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I’m continuing to update the covdata package in anticipation of a Data Visualization for Social Science course I’ll teach next semester. I revisited the Partisan Trajectories graph, as it seems there’s more that could be done with it. More on that in the future, I hope. For now, here’s an updated version using the 2020 Presidential election as the basis for the deciles, and more recent fatality data. As before, the idea is to take the time series of cumulative COVID-19 deaths and split it into deciles by a county-level quantity of interest. I look at how Republican the county is based on the two-party vote share for the 2020 Presidential election. Counties are cut into deciles by strength of support for Trump in 2020, we aggregate mortality counts to the deciles, and draw a line for each one, giving us an ecological picture of the relationship between deaths and political polarization. We see divergence at the very start for the 0th decile because New York City is in it, and it was hit the hardest by far early on. But then the polarization of death kicks in as COVID spreads everywhere and county-level responses (both individual and governmental) start to vary. By now, it’s hard not to think that these gaps are going to continue to widen, given where resistance to vaccines is highest.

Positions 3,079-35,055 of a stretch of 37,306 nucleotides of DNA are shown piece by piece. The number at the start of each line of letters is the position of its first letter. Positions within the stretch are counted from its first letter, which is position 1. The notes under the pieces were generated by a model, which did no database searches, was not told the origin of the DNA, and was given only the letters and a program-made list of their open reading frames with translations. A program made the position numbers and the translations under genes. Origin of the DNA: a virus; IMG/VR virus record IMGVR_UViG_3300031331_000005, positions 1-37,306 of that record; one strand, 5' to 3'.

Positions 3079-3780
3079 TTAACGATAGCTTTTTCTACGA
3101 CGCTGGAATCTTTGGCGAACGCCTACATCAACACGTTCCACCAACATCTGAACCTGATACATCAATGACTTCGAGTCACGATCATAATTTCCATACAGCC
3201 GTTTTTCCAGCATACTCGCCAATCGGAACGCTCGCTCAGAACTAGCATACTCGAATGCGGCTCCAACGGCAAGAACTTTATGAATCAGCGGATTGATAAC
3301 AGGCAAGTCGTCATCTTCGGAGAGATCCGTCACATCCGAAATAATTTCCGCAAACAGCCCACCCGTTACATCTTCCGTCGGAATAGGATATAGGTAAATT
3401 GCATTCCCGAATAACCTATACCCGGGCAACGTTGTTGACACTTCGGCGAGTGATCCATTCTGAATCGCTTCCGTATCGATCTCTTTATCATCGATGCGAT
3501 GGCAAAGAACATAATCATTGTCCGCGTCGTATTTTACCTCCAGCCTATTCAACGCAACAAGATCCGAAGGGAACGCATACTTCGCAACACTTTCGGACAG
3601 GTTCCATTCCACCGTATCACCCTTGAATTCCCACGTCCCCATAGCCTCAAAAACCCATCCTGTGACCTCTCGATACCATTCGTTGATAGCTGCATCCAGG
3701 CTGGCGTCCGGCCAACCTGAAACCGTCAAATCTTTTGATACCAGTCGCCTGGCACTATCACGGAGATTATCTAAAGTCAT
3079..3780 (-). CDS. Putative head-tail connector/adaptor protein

The code and data are on GitHub.